LG Optimus G Pro vs Samsung Galaxy Note II

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Introduction and Design
Introduction

It is evident from the design and screen size that the LG Optimus G Pro is shooting for Samsung Galaxy Note II's market niche, so a heavyweight fight between the two is warranted from the get-go.

The G Pro so far has been announced in two versions – the 5.5” one for Korea we use for the comparison, and a 5” one for Japan's DoCoMo spring lineup. LG also said it will be arriving to North America in Q2, but didn't specify which exactly screen size will make it.

One of the numerous virtues of the Note II is that it houses a stylus as an alternative input method to take better use of the giant display, while the G Pro doesn't have one. Has LG managed to make it sufficiently tasty to fight on equal footage with the versatile Note II? Read on to find out...

Design

Both phones sport 5.5” displays, but the Optimus G Pro is lighter and more compact than Samsung's wide Note II, thanks to the minimum side bezel. LG has gone with a more narrow, elongated chassis, which is easier for one-handed navigation. If it wasn't for the back Android key that LG slapped on the left, and you almost drop the G Pro each time it has to be used with one hand, that is.

LG Optimus G Pro
Dimensions

5.91 x 3 x 0.37 inches

150.2 x 76.1 x 9.4 mm

Weight

5.64 oz (160 g)

Samsung GALAXY Note II
Dimensions

5.94 x 3.17 x 0.37 inches

151 x 80.5 x 9.4 mm

Weight

6.44 oz (182 g)

LG Optimus G Pro
Dimensions

5.91 x 3 x 0.37 inches

150.2 x 76.1 x 9.4 mm

Weight

5.64 oz (160 g)

Samsung GALAXY Note II
Dimensions

5.94 x 3.17 x 0.37 inches

151 x 80.5 x 9.4 mm

Weight

6.44 oz (182 g)

See the full LG Optimus G Pro vs Samsung GALAXY Note II size comparison or compare them to other phones using our Size Comparison tool.


Other than the width, the two phones look almost identical, save for the much narrower home key underneath the G Pro display. They both have faux metal side rims, tactile volume rockers on the left and power/lock keys on the right, and both sport plastic removable back covers, which let you swap the battery, or add extra storage. LG blinged the back a bit more with a pattern on the plastic cover, and a large metal ring around the camera lens, and that's that.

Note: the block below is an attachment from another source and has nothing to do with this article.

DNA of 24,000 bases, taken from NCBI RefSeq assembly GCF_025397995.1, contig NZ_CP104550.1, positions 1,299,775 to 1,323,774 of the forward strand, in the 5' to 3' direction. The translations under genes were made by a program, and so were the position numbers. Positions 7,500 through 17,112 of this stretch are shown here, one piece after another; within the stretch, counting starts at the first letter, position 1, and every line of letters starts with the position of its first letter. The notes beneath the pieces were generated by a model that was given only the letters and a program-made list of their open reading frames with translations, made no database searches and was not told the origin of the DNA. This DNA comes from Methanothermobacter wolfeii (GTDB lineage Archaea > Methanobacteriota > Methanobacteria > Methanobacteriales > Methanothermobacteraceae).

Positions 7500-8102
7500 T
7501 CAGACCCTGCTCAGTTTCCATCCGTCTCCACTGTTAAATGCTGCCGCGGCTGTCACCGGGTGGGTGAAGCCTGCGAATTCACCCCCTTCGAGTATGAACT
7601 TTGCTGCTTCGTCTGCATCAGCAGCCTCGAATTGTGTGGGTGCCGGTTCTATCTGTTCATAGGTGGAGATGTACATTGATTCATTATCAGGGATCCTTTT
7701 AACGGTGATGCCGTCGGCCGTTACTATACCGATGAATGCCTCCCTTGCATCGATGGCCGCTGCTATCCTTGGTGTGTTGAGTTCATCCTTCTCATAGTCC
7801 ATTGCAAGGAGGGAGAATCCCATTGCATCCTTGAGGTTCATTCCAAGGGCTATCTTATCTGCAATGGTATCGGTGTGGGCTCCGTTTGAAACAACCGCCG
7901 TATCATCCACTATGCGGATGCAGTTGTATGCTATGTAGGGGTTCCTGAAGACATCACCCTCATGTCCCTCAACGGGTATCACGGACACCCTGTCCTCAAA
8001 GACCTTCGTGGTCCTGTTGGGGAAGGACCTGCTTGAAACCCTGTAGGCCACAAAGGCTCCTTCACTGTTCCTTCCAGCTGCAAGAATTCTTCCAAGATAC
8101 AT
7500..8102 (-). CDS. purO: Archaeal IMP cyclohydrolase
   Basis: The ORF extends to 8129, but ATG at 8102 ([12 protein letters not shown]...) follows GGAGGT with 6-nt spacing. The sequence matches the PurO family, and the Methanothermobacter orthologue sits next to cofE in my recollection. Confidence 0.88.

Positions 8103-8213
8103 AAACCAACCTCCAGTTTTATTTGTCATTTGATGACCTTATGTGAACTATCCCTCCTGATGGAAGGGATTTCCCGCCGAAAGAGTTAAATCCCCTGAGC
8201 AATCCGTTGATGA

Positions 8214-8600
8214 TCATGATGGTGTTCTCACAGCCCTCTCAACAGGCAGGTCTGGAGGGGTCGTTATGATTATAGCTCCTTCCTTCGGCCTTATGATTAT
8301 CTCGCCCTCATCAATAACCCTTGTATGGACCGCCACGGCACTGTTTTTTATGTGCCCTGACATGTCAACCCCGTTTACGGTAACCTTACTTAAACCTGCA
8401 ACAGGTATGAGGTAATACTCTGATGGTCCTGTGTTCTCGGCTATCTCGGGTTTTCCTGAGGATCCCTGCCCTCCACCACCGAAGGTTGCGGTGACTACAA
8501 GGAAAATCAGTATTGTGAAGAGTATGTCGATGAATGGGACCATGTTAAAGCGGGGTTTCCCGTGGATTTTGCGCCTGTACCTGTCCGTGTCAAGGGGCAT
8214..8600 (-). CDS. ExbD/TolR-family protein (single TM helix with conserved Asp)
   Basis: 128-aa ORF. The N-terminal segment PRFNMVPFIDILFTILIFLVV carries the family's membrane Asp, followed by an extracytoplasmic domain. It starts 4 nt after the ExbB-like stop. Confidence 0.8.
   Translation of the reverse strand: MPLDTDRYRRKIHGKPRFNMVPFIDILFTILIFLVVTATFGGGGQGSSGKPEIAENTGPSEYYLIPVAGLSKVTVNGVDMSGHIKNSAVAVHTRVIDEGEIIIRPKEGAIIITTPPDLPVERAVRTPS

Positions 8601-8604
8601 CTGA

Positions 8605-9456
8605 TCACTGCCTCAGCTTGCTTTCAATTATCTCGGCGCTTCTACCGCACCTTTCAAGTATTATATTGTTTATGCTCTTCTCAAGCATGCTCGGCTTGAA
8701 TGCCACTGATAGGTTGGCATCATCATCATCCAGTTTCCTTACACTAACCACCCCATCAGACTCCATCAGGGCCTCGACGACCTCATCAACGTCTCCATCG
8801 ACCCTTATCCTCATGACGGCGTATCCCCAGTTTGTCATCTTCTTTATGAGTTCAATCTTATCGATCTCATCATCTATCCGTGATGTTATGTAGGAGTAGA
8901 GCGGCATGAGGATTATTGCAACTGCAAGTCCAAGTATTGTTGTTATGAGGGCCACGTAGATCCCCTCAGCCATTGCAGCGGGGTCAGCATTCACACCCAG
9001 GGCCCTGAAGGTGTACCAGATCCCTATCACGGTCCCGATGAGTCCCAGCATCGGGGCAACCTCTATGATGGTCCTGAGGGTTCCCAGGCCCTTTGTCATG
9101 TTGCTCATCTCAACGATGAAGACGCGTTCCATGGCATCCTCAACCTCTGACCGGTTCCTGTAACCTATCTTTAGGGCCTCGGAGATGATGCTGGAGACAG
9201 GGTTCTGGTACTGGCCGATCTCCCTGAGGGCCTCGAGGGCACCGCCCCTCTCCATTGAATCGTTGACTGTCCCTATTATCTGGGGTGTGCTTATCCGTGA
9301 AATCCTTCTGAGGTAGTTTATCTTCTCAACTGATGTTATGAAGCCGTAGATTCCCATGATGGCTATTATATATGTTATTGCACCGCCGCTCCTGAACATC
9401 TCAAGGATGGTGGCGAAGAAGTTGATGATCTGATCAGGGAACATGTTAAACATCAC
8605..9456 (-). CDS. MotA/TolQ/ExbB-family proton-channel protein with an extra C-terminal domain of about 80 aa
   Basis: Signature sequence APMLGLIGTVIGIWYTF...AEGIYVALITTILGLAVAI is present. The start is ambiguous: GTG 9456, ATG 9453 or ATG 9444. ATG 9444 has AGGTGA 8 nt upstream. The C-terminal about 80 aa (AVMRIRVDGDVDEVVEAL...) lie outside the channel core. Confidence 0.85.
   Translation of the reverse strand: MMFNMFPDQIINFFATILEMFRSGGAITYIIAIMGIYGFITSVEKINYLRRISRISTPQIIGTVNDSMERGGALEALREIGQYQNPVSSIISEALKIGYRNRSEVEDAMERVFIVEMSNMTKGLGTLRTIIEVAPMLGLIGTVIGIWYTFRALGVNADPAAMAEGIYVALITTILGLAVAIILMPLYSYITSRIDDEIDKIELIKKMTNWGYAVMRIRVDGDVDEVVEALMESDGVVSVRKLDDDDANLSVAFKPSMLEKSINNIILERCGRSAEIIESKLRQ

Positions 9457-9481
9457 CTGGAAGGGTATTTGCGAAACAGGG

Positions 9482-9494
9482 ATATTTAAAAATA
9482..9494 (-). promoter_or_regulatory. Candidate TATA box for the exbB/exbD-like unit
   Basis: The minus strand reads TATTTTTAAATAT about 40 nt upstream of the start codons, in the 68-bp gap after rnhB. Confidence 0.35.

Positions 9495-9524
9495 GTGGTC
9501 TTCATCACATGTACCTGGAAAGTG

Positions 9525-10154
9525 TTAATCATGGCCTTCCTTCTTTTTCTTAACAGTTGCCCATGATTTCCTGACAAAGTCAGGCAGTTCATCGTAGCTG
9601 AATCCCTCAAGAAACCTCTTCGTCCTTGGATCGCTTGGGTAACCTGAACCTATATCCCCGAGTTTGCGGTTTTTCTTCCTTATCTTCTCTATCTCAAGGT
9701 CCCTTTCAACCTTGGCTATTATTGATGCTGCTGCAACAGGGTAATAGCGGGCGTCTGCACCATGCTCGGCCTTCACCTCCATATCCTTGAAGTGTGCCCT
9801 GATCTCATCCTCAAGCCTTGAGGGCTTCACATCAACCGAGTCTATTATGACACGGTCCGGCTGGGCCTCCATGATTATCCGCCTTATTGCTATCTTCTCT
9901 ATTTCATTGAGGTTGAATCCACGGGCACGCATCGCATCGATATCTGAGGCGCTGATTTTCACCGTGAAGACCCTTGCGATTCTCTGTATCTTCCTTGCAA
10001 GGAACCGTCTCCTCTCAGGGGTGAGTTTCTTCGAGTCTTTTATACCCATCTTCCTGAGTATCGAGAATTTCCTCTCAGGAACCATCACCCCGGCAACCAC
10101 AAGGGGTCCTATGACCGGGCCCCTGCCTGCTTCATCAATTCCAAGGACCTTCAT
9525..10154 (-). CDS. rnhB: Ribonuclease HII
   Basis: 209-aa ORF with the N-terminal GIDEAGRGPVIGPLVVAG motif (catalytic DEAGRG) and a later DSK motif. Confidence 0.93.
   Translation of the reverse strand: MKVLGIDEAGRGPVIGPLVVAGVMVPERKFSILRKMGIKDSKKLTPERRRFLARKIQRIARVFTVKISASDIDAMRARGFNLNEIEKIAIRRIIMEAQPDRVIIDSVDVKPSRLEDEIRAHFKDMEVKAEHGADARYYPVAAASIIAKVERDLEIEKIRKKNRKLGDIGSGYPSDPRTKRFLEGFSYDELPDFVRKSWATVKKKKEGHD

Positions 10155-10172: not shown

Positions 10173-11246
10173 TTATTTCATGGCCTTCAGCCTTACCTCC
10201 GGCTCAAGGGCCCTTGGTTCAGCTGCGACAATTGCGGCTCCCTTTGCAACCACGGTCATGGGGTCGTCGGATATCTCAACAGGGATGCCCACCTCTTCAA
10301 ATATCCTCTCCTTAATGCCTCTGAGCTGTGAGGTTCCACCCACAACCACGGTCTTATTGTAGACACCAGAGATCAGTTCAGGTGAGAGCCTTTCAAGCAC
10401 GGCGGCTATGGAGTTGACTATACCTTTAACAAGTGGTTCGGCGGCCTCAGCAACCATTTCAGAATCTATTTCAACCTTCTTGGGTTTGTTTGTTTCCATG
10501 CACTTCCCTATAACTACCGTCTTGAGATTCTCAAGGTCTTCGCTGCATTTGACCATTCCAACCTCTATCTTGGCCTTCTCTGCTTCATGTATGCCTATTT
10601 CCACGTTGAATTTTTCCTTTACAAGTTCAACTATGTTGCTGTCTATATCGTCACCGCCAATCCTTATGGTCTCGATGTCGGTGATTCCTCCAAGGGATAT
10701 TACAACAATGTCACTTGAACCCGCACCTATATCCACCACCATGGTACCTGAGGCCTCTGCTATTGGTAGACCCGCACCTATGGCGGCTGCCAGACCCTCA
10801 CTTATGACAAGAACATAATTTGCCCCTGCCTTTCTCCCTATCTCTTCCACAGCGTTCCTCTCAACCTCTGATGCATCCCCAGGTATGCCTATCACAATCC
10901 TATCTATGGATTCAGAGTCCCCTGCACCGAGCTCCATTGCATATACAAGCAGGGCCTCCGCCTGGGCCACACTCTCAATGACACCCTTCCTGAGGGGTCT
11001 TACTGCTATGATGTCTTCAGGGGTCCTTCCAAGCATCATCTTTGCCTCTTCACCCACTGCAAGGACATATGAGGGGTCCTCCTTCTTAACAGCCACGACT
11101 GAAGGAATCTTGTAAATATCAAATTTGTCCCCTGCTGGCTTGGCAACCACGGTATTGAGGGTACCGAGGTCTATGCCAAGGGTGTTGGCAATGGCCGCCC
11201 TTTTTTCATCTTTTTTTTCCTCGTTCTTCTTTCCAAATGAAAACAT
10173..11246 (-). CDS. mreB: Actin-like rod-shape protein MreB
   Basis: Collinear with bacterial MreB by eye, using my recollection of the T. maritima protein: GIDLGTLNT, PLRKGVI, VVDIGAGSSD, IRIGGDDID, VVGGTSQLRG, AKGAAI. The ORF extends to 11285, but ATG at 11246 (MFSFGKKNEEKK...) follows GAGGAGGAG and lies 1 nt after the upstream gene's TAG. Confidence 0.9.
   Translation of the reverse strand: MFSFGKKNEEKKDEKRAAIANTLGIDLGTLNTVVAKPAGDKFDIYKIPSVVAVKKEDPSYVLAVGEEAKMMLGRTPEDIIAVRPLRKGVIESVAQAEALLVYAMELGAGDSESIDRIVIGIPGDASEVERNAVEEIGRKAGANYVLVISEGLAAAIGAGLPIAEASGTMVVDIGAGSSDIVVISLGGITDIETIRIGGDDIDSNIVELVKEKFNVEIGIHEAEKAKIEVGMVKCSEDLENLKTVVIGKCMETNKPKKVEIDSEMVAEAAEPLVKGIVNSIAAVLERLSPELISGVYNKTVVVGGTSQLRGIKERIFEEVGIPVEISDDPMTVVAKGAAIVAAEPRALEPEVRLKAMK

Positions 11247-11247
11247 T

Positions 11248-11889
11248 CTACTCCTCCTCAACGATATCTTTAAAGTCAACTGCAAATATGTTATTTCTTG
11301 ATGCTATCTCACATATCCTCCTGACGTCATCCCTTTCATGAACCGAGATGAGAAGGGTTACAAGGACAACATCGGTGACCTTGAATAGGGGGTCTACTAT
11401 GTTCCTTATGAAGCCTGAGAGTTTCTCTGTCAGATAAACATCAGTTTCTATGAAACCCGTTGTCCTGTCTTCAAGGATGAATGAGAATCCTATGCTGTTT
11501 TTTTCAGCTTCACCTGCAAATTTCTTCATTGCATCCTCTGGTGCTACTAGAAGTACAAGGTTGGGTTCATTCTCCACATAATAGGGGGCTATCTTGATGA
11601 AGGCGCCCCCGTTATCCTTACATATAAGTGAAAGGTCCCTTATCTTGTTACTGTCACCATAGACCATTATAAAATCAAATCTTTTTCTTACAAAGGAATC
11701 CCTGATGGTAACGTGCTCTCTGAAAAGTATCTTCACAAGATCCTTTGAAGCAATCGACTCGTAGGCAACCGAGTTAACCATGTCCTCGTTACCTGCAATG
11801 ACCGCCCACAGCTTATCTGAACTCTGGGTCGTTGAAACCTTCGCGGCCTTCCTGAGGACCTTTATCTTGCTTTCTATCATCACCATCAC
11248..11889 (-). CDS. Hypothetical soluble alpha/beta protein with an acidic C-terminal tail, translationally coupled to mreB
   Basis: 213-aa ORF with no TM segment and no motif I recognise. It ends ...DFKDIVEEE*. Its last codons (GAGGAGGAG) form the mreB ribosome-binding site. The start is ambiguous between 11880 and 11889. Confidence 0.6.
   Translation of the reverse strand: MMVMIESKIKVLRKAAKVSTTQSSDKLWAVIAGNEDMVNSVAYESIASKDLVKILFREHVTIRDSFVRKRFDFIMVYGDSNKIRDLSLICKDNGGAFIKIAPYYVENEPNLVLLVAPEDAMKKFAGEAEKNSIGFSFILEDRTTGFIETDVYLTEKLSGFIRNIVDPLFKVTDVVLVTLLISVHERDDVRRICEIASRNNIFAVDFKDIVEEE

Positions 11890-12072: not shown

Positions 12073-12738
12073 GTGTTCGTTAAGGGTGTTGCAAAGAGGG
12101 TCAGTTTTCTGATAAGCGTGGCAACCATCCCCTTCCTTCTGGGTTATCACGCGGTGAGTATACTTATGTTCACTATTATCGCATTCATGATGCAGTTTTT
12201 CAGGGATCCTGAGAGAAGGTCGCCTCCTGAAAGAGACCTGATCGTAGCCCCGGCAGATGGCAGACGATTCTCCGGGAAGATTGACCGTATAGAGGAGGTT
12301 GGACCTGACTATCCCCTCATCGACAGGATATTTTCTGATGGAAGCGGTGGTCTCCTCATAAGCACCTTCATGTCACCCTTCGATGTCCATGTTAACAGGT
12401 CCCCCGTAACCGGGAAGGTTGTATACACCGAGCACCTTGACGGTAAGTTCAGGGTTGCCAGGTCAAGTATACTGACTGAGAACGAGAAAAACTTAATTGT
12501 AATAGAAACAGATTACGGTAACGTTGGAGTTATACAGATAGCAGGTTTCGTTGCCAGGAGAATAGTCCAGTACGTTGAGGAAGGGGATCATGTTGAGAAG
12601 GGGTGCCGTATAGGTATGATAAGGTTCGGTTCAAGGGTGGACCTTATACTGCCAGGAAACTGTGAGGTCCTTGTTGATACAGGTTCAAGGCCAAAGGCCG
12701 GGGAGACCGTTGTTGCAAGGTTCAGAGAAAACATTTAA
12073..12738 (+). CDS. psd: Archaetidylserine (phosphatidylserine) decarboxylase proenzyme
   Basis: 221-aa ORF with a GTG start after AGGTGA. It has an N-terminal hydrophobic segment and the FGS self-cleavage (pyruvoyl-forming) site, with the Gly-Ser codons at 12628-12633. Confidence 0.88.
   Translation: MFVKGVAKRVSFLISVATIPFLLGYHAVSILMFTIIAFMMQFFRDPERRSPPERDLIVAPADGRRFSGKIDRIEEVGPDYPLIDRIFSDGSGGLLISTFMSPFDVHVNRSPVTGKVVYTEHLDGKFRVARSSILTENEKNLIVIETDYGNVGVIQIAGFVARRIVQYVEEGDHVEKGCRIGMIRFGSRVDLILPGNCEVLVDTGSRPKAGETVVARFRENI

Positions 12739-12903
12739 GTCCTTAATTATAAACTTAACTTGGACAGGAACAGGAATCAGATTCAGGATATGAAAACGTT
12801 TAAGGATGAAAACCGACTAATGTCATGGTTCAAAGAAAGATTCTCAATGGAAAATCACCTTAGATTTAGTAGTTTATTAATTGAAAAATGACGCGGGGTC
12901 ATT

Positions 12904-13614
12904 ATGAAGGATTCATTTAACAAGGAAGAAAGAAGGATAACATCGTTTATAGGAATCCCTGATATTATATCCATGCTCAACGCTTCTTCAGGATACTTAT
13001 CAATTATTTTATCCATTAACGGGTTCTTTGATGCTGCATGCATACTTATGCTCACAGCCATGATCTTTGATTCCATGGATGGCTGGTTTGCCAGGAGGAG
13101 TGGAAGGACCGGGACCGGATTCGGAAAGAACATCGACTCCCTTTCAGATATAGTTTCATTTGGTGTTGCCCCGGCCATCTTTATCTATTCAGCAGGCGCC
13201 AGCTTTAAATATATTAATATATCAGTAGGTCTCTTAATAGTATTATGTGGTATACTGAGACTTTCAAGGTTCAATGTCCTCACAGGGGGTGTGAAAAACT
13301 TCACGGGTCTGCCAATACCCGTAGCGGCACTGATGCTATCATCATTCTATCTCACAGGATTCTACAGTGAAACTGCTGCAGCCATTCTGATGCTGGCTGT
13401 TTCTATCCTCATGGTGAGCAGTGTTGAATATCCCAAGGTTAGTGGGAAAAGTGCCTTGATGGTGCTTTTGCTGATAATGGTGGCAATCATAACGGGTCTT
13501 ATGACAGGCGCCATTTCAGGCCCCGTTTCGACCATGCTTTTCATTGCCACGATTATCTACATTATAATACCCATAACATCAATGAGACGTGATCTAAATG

The Note II might sport a stylus tucked in a silo at the lower right, but the Optimus G Pro also introduces two differentiating pieces – a physical QButton on the left, which lets you launch any app on the phone you've mapped to it, and an infrared sensor at the top to control your TV, AC, home stereo and the like. Which features are more important here depends on personal preferences, as you might have waited for a long time to bring it back to that annoying bartender that switches the channel in the middle of the football game.



Displays

The two 5.5” screens aren't created equal, as the G Pro sports 401ppi density on account of the 1080x1920 pixels of Full HD resolution, whereas the Note II has 720x1280 display with 265ppi. The Full HD resolution in the G Pro looks marginally nicer if you are a screen purist. However, thanks to the large screen size, the Note II also displays fine text (e.g. in the internet browser) well.

The screen technologies are very different, so the IPS-LCD of the G Pro features much more natural, toned down colors than the oversaturated ones reproduced by the Note II, and which ones you like is a matter of taste. The G Pro has a very good contrast rating, which is still no substitute for the deep blacks of the Super AMOLED display, while both technologies sport very good viewing angles.

The Optimus G Pro has a sufficiently bright display for decent outdoor visibility, but the Note II carries the brightest AMOLED Samsung has produced to date, so when we add the low reflectance, things are about equal in the sunlight visibility department.



LG Optimus G Pro 360-Degrees View:



Samsung GALAXY Note II 360-Degrees View:



Interface and functionality

We get LG's usual Optimus UI and Samsung's Nature UX overlays on top of the Android 4.1.2 interface. Both offer connectivity toggles and brightness adjustments in the notification bar, but LG kicks it up a notch with a full landscape mode for the Optimus UI, which Samsung doesn't offer.



Samsung, on the other hand, handles multitasking much better via the multi-window mode that lets you split the big display and use any two apps at once, complete with a hovering keyboard on top. LG has the QSlide apps function, which lets you pin one or two apps like the calculator, video player or the browser, in pop-up windows, floating over any screen underneath. The QSlide apps can be activated from the notification bar slide, resized and made transparent, but there are only seven of them in total.

The Note II's S Pen stylus is another formidable advantage here, as it lets you doodle or handwrite on the display with precision, and also intros AirView functionality that previews a picture or selects a link before you've even touched the display.

LG counters with two features the Note II doesn't have, like the QRemote app that uses the IR blaster to control the electronics around, and the QButton that lets you map any application to it, like the camera for example, then use it as a physical shutter key.

Processor and memory

The Optimus G Pro flaunts the newest generation quad-core Qualcomm chipset – 1.7 GHz Snapdragon 600 – while the Note II has a quad-core Exynos 4412, clocked at 1.6 GHz. The newer Qualcomm design has the upper hand in benchmarks, but in reality you won't notice any of the two phones to be underpowered around the interface or apps.